• Sect
  • Sociological classifications of religious movements

Footnotes

  1. ^ a b Zablocki, Benjamin David; Thomas Robbins 2001 Misunderstanding Cults: Searching for Objectivity in a Controversial Field University of Toronto Press p 474 ISBN 0-8020-8188-6 
  2. ^ a b Richardson, James T 1993 "Definitions of Cult: From Sociological-Technical to Popular-Negative" Review of Religious Research Religious Research Association, Inc 34 4: 348–356 doi:102307/3511972 JSTOR 3511972 
  3. ^ Stark, Rodney; Bainbridge, William Sims 1996 A Theory of Religion Rutgers University Press p 124 ISBN 0-8135-2330-3 
  4. ^ OED, citing American Journal of Sociology 85 1980, p 1377: "Cults, like other deviant social movements, tend to recruit people with a grievance, people who suffer from a some variety of deprivation"
  5. ^ Dr Chuck Shaw – Sects and Cults – Greenville Technical College – Retrieved 21 March 2013
  6. ^ Olson, Paul J 2006 "The Public Perception of 'Cults' and 'New Religious Movements'" Journal for the Scientific Study of Religion 45 1: 97–106
  7. ^ Dr Chuck Shaw - Sects and Cults - Greenville Technical College - Retrieved 21 March 2013
  8. ^ Bromley, David Melton, J Gordon 2002 Cults, Religion, and Violence West Nyack, NY, USA: Cambridge University Press
  9. ^ a b Eileen Barker, 1999, "New Religious Movements: their incidence and significance", New Religious Movements: challenge and response, Bryan Wilson and Jamie Cresswell editors, Routledge ISBN 0-415-20050-4
  10. ^ Erwin Fahlbusch, Geoffrey William Bromiley – The Encyclopedia of Christianity: P-Sh, Volume 4 page 897 Retrieved 21 March 2013
  11. ^ "Definition of CULT" 
  12. ^ culture - Merriam-Webster Retrieved 25 May 2014
  13. ^ In W S Taylor, 'Science and cult', Psychological Review, Vol 372, March 1930, cultist is still used in the sense that would now be expressed by "religionist", ie anyone adopting a religious worldview as opposed to a scientific one In the New York State Journal of Medicine of 1932, p 84 and other medical publications of the 1930s; eg Morris Fishbein, Fads and Quackery in Healing: An Analysis of the Foibles of the Healing Cults, 1932, "cultist" is used of those adhering to what was then called "healing cults", and would now be referred to as faith healing, but also of other forms of alternative medicine "cultist" in quotes of a chiropractor in United States naval medical bulletin, Volume 28, 1930, p 366
  14. ^ TL Brink 2008 Psychology: A Student Friendly Approach "Unit 13: Social Psychology" pp 320
  15. ^ The Chaos of Cults, by JKvan Baalen, 1938, 2nd revised and enlarged ed 1956 "cult" in the sense of "heresy" is also found in JOswald Sanders, Heresies Ancient and Modern 1948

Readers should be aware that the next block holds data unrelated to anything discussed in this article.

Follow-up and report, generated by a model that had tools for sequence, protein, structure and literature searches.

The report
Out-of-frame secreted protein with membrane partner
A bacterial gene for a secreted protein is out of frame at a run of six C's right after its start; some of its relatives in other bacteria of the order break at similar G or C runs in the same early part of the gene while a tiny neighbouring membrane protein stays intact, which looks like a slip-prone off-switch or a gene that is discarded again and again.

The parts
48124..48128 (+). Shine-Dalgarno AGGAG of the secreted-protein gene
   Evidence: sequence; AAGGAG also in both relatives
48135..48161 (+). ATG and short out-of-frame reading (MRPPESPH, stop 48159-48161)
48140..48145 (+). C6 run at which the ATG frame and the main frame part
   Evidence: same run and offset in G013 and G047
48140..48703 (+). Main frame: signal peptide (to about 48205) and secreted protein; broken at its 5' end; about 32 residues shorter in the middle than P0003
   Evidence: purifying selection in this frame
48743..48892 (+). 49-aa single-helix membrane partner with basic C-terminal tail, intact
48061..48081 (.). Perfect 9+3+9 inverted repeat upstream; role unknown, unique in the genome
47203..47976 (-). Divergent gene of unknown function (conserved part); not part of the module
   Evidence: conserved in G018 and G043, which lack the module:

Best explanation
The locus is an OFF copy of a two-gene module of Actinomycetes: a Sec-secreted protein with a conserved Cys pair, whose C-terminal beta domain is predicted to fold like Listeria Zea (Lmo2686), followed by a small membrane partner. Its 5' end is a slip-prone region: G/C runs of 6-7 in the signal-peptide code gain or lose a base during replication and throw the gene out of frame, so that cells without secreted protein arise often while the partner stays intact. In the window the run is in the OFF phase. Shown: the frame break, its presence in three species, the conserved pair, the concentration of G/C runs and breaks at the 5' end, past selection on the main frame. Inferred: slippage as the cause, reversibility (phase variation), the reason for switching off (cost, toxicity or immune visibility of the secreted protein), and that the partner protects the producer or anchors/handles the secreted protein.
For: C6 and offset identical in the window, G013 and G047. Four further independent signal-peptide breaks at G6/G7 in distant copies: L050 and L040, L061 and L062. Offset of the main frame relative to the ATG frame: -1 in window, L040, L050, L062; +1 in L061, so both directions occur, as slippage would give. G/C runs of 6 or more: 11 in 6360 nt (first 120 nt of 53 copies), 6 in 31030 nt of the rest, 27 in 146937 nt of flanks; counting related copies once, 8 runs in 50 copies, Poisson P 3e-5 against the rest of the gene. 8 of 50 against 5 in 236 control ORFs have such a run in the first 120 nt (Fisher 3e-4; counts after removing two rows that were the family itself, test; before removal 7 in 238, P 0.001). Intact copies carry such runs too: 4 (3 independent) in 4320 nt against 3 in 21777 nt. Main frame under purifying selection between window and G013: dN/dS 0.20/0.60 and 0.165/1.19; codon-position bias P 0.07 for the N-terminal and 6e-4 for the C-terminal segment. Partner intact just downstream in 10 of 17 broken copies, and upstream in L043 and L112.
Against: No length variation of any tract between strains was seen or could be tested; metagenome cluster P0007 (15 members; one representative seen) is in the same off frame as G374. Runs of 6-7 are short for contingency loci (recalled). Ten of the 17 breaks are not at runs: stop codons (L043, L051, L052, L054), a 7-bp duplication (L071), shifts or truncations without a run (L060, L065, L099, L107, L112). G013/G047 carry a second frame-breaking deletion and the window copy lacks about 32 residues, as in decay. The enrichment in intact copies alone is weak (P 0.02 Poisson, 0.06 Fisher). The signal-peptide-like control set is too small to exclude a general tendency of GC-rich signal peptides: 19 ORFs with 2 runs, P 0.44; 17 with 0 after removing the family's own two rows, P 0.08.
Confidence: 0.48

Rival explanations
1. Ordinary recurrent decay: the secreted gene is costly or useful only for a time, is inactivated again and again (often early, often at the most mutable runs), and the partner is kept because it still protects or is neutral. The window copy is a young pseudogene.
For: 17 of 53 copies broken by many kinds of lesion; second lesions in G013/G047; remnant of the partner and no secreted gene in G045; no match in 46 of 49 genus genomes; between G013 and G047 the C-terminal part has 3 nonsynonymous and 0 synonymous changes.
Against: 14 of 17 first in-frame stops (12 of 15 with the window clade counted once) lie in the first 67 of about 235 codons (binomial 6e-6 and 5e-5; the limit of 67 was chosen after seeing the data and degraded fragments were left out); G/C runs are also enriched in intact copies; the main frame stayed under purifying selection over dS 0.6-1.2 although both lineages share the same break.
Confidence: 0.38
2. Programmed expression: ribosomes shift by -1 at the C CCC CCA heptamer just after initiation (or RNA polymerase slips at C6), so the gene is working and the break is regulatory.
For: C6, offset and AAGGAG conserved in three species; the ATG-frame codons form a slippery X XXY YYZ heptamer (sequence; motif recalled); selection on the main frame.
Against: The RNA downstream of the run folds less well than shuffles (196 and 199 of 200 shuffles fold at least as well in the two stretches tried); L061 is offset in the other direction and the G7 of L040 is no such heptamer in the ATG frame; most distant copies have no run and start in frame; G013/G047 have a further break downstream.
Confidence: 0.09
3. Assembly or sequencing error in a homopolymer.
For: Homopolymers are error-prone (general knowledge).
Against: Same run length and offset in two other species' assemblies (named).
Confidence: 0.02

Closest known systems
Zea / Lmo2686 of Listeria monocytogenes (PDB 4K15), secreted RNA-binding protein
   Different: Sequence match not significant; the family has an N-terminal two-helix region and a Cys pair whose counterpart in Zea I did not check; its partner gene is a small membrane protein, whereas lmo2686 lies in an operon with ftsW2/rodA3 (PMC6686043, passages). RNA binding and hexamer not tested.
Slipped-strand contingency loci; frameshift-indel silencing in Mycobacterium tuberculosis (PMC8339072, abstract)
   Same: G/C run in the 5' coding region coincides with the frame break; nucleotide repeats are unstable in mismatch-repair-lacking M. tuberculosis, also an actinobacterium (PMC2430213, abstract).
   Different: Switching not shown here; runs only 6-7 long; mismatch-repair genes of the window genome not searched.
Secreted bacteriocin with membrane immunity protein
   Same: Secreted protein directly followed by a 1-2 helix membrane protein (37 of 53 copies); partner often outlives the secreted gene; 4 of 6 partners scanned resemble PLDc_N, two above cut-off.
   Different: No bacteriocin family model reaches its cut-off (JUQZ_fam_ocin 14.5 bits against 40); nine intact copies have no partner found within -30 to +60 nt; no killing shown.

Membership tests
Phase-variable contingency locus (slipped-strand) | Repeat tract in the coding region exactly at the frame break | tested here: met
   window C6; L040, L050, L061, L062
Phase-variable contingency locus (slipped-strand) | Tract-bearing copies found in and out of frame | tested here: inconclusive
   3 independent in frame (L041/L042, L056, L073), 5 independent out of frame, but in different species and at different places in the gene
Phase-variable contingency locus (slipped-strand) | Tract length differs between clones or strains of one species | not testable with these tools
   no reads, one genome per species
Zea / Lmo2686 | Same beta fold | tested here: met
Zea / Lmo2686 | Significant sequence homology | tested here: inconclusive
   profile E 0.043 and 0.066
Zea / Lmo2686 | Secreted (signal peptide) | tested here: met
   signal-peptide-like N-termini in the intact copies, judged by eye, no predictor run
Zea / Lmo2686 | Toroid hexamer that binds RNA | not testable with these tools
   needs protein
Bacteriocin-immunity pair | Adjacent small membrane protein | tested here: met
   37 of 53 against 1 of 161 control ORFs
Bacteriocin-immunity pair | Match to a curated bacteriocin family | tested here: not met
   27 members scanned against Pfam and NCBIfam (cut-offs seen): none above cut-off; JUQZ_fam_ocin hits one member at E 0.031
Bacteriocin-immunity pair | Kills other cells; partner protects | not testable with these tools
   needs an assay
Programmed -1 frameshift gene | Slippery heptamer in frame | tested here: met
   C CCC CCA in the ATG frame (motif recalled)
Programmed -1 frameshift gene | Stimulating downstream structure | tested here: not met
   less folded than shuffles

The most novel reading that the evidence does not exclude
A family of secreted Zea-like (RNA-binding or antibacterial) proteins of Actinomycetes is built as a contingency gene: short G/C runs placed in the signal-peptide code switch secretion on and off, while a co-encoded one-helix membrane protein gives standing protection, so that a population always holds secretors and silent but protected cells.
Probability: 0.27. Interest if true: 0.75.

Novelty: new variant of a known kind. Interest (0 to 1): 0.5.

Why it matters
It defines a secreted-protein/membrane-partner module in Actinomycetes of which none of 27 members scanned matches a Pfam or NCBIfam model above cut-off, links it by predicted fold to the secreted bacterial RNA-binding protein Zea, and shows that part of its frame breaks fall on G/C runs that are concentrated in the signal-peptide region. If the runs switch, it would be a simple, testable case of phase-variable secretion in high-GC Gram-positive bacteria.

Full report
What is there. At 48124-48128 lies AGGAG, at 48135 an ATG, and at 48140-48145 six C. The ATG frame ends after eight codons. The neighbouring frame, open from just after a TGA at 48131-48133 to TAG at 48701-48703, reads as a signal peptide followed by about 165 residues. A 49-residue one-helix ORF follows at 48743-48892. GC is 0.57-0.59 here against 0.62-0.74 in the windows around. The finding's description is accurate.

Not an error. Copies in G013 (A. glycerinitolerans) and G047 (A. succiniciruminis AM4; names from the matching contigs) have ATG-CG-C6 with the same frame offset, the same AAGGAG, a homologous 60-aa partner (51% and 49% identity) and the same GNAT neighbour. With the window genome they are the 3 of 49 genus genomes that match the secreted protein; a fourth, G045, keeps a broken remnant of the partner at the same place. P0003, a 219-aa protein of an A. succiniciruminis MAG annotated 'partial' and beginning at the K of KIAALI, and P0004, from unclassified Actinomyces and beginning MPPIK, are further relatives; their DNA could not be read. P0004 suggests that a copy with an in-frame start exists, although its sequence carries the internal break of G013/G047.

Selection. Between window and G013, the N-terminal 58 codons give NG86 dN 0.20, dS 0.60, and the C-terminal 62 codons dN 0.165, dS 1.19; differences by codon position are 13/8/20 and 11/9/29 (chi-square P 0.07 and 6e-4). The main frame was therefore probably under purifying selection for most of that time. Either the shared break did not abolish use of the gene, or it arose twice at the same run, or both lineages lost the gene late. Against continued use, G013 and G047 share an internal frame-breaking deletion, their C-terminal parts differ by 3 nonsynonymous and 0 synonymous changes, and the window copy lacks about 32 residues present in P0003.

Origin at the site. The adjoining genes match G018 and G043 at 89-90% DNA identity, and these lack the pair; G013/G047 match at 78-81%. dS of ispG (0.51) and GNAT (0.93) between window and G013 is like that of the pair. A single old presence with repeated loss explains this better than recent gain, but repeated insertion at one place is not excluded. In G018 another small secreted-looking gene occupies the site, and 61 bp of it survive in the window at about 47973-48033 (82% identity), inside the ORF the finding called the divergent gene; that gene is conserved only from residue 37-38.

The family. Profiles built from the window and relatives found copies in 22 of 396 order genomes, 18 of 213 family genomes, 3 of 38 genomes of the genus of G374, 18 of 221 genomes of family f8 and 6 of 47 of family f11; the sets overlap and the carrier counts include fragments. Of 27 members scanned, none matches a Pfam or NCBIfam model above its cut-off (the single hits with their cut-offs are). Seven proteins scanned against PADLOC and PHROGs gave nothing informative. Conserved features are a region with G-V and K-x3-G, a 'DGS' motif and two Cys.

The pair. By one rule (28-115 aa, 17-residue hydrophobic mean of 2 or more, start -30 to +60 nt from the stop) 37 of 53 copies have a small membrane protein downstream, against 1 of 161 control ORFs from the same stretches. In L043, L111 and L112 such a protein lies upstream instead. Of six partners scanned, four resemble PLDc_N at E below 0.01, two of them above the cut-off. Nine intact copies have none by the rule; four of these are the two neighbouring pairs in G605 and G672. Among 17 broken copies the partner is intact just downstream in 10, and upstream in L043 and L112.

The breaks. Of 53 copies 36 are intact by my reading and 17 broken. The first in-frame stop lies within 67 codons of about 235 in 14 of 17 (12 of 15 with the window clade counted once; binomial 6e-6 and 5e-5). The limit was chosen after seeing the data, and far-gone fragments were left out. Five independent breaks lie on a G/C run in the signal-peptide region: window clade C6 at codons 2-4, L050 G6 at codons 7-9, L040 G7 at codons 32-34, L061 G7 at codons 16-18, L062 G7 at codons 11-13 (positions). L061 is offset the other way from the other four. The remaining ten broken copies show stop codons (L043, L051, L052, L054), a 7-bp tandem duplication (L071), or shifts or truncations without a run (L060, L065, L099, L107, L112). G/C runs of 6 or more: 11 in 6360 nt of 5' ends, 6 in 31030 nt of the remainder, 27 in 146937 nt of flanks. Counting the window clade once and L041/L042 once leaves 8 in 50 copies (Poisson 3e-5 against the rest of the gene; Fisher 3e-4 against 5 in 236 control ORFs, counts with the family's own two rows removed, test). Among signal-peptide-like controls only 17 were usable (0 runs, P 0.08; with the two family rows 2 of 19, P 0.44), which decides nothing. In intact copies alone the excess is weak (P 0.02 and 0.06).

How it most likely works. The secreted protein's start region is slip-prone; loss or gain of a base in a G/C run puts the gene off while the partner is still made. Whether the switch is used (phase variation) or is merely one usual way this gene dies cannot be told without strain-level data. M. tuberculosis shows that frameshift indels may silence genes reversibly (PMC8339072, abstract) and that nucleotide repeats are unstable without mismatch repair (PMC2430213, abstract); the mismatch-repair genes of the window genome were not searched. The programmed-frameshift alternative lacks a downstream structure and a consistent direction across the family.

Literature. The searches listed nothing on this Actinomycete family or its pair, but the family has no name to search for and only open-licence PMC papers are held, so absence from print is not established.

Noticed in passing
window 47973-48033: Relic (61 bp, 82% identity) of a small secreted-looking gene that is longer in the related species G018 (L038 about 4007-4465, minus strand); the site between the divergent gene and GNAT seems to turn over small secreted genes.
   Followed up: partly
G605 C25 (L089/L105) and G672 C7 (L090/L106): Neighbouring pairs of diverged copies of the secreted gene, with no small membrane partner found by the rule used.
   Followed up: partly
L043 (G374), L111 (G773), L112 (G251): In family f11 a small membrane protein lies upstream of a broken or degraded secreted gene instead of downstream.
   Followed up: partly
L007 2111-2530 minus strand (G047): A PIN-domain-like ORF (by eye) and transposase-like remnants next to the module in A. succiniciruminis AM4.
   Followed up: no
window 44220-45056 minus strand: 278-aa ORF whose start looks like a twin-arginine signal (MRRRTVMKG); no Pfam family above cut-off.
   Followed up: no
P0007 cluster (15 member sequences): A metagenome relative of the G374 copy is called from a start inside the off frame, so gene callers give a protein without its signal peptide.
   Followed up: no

16. ^ A European Federation of Centres of Research and Information on Sectarianism was set up in 1994
  17. ^ "This book tells you why the propaganda about and misrepresentation of Witches as evil, Satan-worshipping cultists is absolutely false" Scott Cunningham, The Truth about Witchcraft 1992
  18. ^ Paul J Olson, The Public Perception of “Cults” and “New Religious Movements” Journal for the Scientific Study of Religion; Mar2006, Vol 45 Issue 1, 97-106
  19. ^ so Margaret Singer, Janja Lalich, Cults in Our Midst 1995, in reference to Eileen Barker See also Tim Stafford, "The Kingdom of the Cult Watchers", Christianity Today October 7, 1991
  20. ^ Dawson, Lorne L 2006 Comprehending Cults: The Sociology of New Religious Movements Oxford: Oxford University Press ISBN 978-0-19-542009-8 
  21. ^ Goldman, Marion 2006 "Review Essay: Cults, New Religions, and the Spiritual Landscape: A Review of Four Collections" Journal of the Scientific Study of Religion 45 1: 87–96 doi:101111/j1468-5906200600007x 
  22. ^ Bainbridge, William Sims 1997 The Sociology of Religious Movements New York: Routledge p 24 ISBN 0-415-91202-4 
  23. ^ a b Ogloff, J R; Pfeifer, J E 1992 "Cults and the law: A discussion of the legality of alleged cult activities" Behavioral Sciences & the Law 10 1: 117–140 doi:101002/bsl2370100111 
  24. ^ Weber, Maximillan Theory of Social and Economic Organization Chapter: "The Nature of Charismatic Authority and its Routinization" translated by A R Anderson and Talcott Parsons, 1947 Originally published in 1922 in German under the title Wirtschaft und Gesellschaft chapter III, § 10 available online
  25. ^ Swatos, William H Jr 1998 "Church-Sect Theory" In William H Swatos Jr Encyclopedia of Religion and Society Walnut Creek, CA: AltaMira pp 90–93 ISBN 978-0-7619-8956-1 
  26. ^ Campbell, Colin 1998 "Cult" In William H Swatos Jr Encyclopedia of Religion and Society Walnut Creek, CA: AltaMira pp 122–123 ISBN 978-0-7619-8956-1 
  27. ^ Richardson, 1993 p 349
  28. ^ Stark and Bainbridge, 1987 p 25
  29. ^ Stark and Bainbridge, 1987 p 124
  30. ^ The Early Unification Church History, Galen Pumphrey
  31. ^ Conversion, Unification Church, Encyclopedia of Religion and Society, Hartford Institute for Religion Research, Hartford Seminary
  32. ^ Introduction to New and Alternative Religions in America: African diaspora traditions and other American innovations, Volume 5 of Introduction to New and Alternative Religions in America, W Michael Ashcraft, Greenwood Publishing Group, 2006 ISBN 978-0-275-98717-6, page 180
  33. ^ Exploring New Religions, Issues in contemporary religion, George D Chryssides, Continuum International Publishing Group, 2001 ISBN 978-0-8264-5959-6 page 1
  34. ^ Wallis, Roy Scientology: Therapeutic Cult to Religious Sect abstract only 1975
  35. ^ a b Bruce Campbell 1978 "A Typology of Cults" Sociology Analysis, Santa Barbara
  36. ^ Oldenburg, Don 2003-11-21 "Stressed to Kill: The Defense of Brainwashing; Sniper Suspect's Claim Triggers More Debate", Washington Post, reproduced in Defence Brief, issue 269, published by Steven Skurka & Associates